Family & Education

What party manifestos mean for faith schools

Conservative plans put a spoke in hopes for Charedi free schools


 Faith school policy may be low on the list of most people’s election priorities,  but each of the three main parties’ manifestos contains a challenge for the Jewish community — specifically, the more Orthodox part of it.

The Conservatives’ pledge to lift the restriction on entry rules for faith free schools was welcomed by Chief Rabbi Ephraim Mirvis when Prime Minister Theresa May first made it last autumn. 

Whereas free schools can select only half their pupils on the basis of religion, the cap will go if the government returns to power. 

That would be good news in particular for the Charedi community, which regards the lack of control over admissions as a barrier to opening free schools. 

But not good news is the Conservatives’ decision to press ahead with another idea, originally floated in last year’s education Green Paper: applicants for faith free schools will have to “prove that parents of other faiths and none would be prepared to send their children to that school”.

By relaxing entry rules, the government is giving faith schools greater freedom with one hand, while planning to saddle them with new conditions with the other.

How exactly would applicants “prove” support from other faiths? It is hard to imagine the rabbi of a steibl heading off to address a meeting at the local mosque in order to extol the virtues of learning Gemara.

The proposal also betrays lingering anxiety about single-faith schools. The kind of school which devotes half the day to Jewish studies would clearly find it hard to fulfil the free school criteria of the manifesto.

Judith Nemeth, executive director of the National Association of Orthodox Jewish Schools, is surprised to see the requirement for faith school applicants to demonstrate support beyond their community since many professionals, she says, have “queried how this would work in practice”.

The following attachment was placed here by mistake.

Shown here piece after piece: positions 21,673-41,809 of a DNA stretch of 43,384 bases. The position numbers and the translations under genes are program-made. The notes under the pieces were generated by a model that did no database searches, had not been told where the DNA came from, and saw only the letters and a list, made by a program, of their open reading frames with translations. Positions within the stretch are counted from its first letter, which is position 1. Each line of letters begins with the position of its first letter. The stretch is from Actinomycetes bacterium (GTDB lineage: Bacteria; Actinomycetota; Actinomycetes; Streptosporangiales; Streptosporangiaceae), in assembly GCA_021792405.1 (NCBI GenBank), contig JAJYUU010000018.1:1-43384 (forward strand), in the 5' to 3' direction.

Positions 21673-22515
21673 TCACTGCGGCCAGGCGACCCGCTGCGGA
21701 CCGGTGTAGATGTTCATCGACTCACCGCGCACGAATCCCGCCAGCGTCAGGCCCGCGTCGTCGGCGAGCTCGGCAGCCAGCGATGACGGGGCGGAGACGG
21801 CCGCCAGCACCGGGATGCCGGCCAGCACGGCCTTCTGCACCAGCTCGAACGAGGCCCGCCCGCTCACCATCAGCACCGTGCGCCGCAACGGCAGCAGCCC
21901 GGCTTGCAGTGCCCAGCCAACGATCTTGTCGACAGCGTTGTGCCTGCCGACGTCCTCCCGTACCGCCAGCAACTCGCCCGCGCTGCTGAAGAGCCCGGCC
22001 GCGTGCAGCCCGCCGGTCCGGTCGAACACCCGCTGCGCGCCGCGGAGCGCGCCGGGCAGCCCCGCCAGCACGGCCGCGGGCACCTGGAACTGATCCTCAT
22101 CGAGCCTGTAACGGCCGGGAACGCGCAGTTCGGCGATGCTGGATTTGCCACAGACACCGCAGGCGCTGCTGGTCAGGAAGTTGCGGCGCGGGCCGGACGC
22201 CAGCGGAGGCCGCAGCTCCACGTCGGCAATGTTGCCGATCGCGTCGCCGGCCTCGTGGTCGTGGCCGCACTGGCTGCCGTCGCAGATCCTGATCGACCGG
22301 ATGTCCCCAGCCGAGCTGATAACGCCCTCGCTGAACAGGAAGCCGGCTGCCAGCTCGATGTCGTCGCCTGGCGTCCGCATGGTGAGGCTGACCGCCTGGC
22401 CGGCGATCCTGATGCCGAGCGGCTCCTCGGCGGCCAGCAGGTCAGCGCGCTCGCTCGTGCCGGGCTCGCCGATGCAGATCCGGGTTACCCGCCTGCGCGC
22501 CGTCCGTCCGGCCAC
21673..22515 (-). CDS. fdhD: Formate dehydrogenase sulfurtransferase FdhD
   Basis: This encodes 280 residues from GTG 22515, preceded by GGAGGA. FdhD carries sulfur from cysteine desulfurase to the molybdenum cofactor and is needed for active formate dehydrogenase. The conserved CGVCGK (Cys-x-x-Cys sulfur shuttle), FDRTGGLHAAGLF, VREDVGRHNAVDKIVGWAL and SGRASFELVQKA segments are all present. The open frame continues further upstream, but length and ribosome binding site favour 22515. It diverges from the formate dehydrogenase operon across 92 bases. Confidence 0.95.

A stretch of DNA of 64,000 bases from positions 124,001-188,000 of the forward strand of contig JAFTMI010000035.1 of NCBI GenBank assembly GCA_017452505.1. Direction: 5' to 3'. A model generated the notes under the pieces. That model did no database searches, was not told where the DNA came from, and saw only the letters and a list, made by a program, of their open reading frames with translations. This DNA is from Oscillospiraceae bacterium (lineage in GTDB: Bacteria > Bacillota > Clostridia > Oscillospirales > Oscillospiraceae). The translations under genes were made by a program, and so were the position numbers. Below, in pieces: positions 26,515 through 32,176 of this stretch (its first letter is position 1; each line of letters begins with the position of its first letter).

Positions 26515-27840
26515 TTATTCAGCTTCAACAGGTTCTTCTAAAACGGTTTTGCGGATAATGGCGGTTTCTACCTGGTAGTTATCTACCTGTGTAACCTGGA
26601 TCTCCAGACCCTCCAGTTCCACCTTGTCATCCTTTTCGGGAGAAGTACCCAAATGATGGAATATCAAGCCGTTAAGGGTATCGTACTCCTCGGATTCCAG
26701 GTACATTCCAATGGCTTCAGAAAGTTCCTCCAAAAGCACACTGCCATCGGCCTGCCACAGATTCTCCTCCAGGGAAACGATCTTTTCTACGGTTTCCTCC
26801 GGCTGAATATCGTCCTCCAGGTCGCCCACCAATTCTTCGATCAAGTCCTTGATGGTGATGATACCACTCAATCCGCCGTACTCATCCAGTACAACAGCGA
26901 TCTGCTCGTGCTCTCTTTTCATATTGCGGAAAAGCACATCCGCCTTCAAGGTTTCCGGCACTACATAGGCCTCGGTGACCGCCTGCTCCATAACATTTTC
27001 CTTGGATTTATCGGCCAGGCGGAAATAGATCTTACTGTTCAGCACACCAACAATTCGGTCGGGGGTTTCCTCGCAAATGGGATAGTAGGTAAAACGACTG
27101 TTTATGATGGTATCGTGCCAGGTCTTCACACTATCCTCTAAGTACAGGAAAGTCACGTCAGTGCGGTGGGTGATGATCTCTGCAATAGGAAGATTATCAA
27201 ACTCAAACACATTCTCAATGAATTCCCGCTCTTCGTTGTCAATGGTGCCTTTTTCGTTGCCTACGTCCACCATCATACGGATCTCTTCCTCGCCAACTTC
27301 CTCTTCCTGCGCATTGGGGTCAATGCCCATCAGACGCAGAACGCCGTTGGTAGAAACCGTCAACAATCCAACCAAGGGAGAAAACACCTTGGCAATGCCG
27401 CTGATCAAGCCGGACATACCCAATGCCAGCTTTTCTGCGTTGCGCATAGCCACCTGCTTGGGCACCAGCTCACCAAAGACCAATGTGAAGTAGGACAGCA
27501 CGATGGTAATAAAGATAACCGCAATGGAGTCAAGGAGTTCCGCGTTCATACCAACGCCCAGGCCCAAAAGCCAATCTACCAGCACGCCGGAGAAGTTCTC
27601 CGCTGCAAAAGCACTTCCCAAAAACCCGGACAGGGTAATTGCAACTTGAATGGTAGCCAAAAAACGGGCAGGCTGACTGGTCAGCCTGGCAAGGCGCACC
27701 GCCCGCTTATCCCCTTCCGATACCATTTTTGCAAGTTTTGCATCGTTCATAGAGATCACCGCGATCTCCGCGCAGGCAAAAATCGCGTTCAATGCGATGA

A Hindu colleague told her: “It is part of their religion to try and attract non-Hindu pupils to their school. They used many marketing techniques but they did not manage to attract one.”

While the Labour manifesto contains no reference to faith schools as such, its education policy has implications for Jewish schools. Its rejection of any more “inefficient free schools” would return the decision-making on new faith schools to local councils rather than central government.

More significantly, Labour’s proposal to remove the VAT exemption on independent school fees would hit not only private schools such as Immanuel College, Kerem and Naima JPS, but also the independent Charedi sector (which is nominally fee-paying even if dependent on donations).

The Liberal Democrats voted only a few months ago to stop faith schools actually selecting children according to religion, but this has notably been left out of the party’s manifesto. Liberal leader Tim Farron, himself a practising Christian, may be wary of picking a fight with religious groups.

But the LibDems want to see “LGBT+ relationships” taught as part of the sex and education relationships curriculum in schools — a potential source of trouble for Charedi schools vehemently opposed to a secular egalitarian agenda.

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